Nepal earthquake: bad weather hampers rescue efforts
Rescue teams toiled in pouring rain on Thursday in the debris left by last week's devastating earthquake in Nepal, but officials said the chance of finding any more survivors was bleak as the death toll neared 5,500.
While rescue teams were out in the capital Kathmandu despite the rain, helicopters could not fly to the worst-hit areas in the countryside of the impoverished Himalayan nation.
"There may not be any more survivors," said Rameshwor Dandal, chief of the disaster management centre at Nepal's home ministry. "The rain is adding to the problems. Nature seems to be against us."
Anger over the slow pace of the rescue flared on Wednesday with protests outside parliament. In the interior, villagers blocked trucks carrying supplies, demanding the government do more to hasten the distribution of aid that has flooded into the country but has been slow to reach those in need.
An official from Nepal's home ministry said the number of confirmed deaths from Saturday's 7.8 magnitude earthquake had risen to 5,489 by Thursday morning. Almost 11,000 were injured, and more than 80 were also killed in neighbouring India and Tibet.
Many people have been sleeping in the open after the quake - the United Nations has said 600,000 houses were destroyed or damaged. It has said eight million people have been affected, with at least two million in need of tents, water, food and medicines over the next three months.
Dandal said foreign rescue teams had told him that their work is almost done because there is little chance of finding any survivors. A Nepali-French rescue team pulled a 28-year-old man, Rishi Khanal, from a collapsed apartment block in Kathmandu on Tuesday after he had spent around 80 hours trapped in a room with three dead bodies.
However, doctors amputated one of his legs on Wednesday because of damage from prolonged internal bleeding. Nepal is appealing to foreign governments for more helicopters. There are currently about 20 Nepali army, private and Indian army helicopters involved in rescue operations, according to Laxmi Prasad Dhakal, a home ministry official. China is expected to send helicopters on Thursday, he said.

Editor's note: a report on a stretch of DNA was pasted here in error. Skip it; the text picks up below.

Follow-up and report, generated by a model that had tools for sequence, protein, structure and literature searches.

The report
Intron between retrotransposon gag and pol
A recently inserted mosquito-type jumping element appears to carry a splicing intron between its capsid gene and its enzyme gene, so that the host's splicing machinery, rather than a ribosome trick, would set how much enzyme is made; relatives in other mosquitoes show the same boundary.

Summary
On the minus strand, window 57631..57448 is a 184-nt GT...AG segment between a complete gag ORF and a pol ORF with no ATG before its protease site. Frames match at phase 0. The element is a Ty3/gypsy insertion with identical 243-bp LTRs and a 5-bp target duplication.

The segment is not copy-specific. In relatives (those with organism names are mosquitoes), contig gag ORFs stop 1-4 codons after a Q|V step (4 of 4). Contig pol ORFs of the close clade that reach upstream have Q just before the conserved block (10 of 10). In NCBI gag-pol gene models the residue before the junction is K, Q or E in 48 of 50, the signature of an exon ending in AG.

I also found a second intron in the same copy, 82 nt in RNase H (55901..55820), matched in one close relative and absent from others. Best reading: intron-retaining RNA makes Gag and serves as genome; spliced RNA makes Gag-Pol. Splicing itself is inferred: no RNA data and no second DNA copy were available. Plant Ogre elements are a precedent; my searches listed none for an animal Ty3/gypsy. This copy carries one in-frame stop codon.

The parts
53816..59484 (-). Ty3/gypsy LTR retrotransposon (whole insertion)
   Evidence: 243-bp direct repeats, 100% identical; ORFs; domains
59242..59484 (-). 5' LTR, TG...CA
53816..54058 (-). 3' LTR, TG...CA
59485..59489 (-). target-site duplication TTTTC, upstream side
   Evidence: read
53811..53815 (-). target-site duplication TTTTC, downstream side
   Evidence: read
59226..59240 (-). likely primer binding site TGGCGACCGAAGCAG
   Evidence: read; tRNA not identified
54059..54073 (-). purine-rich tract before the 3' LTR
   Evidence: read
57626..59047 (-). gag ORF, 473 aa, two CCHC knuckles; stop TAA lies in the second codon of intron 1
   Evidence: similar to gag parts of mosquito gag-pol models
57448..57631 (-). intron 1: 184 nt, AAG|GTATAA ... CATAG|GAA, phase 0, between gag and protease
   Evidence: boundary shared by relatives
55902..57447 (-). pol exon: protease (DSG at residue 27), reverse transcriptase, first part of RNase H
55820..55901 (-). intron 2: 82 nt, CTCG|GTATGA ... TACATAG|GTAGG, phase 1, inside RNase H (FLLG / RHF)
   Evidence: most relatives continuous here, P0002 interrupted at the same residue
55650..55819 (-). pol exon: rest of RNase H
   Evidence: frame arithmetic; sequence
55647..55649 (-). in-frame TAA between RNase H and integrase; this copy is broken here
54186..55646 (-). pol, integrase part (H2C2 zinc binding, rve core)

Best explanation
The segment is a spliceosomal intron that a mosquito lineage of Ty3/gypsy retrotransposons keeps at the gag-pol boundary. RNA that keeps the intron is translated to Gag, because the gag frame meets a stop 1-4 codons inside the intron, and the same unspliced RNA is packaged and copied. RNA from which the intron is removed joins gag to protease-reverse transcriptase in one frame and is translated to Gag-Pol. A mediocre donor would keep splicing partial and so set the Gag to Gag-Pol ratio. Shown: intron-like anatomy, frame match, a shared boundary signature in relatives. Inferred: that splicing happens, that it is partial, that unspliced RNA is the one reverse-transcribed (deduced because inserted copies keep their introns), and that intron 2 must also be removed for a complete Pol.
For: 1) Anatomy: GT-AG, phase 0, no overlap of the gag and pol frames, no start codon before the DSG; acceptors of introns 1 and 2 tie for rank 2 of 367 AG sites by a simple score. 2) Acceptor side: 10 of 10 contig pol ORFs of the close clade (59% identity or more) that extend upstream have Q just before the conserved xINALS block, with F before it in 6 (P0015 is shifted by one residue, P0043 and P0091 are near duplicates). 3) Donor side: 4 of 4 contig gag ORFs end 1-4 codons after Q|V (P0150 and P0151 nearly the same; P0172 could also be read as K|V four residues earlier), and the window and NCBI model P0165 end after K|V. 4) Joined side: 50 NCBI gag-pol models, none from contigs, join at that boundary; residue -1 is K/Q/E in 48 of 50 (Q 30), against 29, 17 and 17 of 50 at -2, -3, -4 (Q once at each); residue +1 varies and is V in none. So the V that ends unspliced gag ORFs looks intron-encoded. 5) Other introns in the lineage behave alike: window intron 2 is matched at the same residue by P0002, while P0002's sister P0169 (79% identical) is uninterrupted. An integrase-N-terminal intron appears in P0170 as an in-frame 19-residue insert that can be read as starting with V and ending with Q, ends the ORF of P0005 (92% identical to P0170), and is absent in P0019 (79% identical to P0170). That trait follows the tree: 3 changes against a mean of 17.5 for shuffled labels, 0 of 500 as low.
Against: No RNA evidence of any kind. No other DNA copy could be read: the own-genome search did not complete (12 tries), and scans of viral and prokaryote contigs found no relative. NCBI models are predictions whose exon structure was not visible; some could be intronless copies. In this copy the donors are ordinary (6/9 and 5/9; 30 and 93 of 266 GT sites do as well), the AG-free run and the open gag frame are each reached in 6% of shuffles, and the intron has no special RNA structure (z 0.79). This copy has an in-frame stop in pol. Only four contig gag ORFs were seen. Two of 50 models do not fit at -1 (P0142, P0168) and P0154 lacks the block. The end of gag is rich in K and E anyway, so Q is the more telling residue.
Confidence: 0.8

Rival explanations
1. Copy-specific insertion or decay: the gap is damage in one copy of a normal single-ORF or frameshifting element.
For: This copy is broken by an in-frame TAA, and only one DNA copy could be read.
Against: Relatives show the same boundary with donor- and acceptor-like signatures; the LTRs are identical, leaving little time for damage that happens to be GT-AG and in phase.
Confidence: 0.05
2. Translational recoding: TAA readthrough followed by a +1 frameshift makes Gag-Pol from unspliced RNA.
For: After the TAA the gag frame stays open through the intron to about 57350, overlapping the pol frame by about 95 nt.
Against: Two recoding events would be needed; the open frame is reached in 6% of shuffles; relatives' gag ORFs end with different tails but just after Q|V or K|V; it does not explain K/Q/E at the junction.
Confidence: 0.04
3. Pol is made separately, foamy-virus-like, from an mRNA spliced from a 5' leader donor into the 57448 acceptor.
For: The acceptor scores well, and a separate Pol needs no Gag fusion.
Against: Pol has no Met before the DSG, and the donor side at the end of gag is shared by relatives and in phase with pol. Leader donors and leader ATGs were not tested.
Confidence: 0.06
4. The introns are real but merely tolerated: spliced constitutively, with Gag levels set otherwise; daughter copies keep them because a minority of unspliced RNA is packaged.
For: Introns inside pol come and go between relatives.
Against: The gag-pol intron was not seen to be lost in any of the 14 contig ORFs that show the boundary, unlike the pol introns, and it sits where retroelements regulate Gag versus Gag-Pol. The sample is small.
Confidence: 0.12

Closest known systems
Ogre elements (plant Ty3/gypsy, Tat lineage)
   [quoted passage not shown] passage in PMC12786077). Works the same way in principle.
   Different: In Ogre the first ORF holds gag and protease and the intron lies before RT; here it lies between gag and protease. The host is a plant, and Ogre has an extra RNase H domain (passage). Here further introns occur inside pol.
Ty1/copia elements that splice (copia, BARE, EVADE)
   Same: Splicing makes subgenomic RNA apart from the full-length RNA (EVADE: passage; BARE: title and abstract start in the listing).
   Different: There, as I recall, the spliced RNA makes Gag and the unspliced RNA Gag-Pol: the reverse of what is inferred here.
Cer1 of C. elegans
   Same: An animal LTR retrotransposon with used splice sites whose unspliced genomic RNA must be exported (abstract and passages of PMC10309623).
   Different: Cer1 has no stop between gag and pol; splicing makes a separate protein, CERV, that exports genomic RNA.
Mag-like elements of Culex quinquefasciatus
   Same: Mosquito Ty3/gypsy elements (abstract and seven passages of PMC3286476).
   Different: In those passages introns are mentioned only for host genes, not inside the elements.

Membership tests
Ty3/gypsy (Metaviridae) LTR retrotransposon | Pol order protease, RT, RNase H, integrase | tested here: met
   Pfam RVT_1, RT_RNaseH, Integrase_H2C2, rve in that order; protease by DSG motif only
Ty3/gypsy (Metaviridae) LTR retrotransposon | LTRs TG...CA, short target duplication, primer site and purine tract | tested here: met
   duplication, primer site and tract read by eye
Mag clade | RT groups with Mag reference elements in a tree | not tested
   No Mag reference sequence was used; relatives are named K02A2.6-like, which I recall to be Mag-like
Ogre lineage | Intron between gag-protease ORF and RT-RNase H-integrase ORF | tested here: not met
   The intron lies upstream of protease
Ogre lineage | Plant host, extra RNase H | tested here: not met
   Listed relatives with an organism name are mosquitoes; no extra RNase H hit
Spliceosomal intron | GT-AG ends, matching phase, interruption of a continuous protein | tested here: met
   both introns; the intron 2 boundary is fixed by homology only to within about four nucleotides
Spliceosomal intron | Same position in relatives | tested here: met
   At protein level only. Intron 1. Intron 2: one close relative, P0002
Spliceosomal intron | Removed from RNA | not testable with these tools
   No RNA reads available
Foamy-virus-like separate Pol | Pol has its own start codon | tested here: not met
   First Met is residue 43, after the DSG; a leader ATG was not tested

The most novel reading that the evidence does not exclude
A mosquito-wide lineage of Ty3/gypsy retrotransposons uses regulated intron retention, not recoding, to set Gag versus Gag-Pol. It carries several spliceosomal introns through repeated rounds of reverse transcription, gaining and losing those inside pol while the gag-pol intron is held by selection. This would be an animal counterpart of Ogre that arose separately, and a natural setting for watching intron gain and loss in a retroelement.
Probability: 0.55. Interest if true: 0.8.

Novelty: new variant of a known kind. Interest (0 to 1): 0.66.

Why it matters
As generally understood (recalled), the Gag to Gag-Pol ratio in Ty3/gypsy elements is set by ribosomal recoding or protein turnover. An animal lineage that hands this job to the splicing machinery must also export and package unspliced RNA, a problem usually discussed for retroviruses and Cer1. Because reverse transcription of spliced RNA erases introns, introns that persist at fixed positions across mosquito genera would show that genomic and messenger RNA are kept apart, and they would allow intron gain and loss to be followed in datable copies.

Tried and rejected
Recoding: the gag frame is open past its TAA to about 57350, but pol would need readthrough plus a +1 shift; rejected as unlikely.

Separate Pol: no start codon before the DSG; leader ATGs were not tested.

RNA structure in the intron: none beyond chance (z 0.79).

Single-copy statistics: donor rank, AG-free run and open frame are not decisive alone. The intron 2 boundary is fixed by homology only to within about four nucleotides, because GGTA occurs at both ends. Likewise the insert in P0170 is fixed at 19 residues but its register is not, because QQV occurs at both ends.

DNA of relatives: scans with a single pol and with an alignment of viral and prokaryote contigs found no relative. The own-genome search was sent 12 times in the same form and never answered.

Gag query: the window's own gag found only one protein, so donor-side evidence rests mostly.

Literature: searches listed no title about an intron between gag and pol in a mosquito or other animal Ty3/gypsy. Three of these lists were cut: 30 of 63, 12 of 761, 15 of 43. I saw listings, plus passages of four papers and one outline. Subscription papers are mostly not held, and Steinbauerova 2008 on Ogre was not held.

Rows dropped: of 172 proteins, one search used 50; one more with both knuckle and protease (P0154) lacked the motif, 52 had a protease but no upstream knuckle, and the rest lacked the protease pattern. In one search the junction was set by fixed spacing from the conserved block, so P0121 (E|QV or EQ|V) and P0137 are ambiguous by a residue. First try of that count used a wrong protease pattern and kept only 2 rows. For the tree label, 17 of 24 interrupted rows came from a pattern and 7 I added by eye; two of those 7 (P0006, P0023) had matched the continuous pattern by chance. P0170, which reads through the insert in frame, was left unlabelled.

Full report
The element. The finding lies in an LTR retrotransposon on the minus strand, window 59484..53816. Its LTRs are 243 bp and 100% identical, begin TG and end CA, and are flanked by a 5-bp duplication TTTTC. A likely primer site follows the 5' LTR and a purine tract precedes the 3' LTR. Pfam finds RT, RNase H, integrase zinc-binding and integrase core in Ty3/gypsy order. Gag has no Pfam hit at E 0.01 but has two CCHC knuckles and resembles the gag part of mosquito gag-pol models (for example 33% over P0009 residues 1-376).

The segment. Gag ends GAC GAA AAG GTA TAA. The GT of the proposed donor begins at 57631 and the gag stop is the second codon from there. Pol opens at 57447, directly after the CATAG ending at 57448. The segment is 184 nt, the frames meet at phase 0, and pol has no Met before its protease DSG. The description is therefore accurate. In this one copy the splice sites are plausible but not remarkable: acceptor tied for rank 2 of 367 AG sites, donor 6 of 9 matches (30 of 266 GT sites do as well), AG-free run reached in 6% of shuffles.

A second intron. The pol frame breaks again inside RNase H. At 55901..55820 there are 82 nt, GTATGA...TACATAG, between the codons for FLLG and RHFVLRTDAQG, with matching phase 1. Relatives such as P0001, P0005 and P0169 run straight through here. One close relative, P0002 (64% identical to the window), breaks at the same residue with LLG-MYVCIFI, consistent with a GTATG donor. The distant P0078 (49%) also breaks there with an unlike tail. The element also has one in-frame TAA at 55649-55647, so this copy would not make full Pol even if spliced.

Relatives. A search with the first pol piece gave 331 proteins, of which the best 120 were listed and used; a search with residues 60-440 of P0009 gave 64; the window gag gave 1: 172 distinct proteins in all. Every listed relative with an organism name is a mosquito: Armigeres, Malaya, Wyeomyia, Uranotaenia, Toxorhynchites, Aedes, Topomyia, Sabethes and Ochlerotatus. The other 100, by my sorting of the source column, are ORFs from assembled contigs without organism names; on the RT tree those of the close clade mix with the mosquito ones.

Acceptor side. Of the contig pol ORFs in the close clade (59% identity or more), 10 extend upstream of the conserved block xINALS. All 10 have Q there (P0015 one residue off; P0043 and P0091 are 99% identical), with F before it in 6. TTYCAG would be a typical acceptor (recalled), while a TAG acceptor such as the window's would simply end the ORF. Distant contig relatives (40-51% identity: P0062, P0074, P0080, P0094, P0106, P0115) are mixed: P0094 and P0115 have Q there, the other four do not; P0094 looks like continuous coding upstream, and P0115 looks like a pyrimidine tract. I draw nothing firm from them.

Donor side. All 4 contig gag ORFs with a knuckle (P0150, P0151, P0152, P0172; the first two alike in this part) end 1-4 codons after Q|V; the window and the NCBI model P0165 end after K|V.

Prime Minister Sushil Koirala has told Reuters the death toll could reach 10,000, with information on casualties and damage from far-flung villages and towns yet to come in.
That would surpass the 8,500 who died in a 1934 earthquake, the last disaster on this scale to hit the nation of 28 million people sandwiched between India and China.
Worry of disease
In Kathmandu and other cities, hospitals quickly overflowed with injured soon after the quake, with many being treated out in the open or not at all.
Guna Raj, who works for a Kathmandu-based NGO specialising in providing sanitation, said there have been outbreaks of diarrhoea in relief camps because of a shortage of toilets and clean water.
"In the next few days or weeks I am sure there will be an outbreak of epidemics," said Raj, who is involved in the relief effort.
Tensions between foreigners and Nepalis desperate for relief surfaced, rescuers said, as fresh avalanches were reported in several areas.
Members of Israeli search-and-rescue group Magnus said hundreds of tourists, including about 100 Israelis, were airlifted out of Langtang in Rasuwa district, a popular trekking area north of Kathmandu hit by an avalanche on Tuesday. But at least two foreigners, whose nationalities were as yet unknown, were found dead, the home ministry said.
Fights had broken out there because of food shortages, Magnus team member Amit Rubin said. One of the trekkers said there had also been scuffles over places on the rescue helicopters.
The quake also triggered an avalanche on Mount Everest that killed at least 18 climbers and guides, including four foreigners, the worst disaster on the world's highest peak.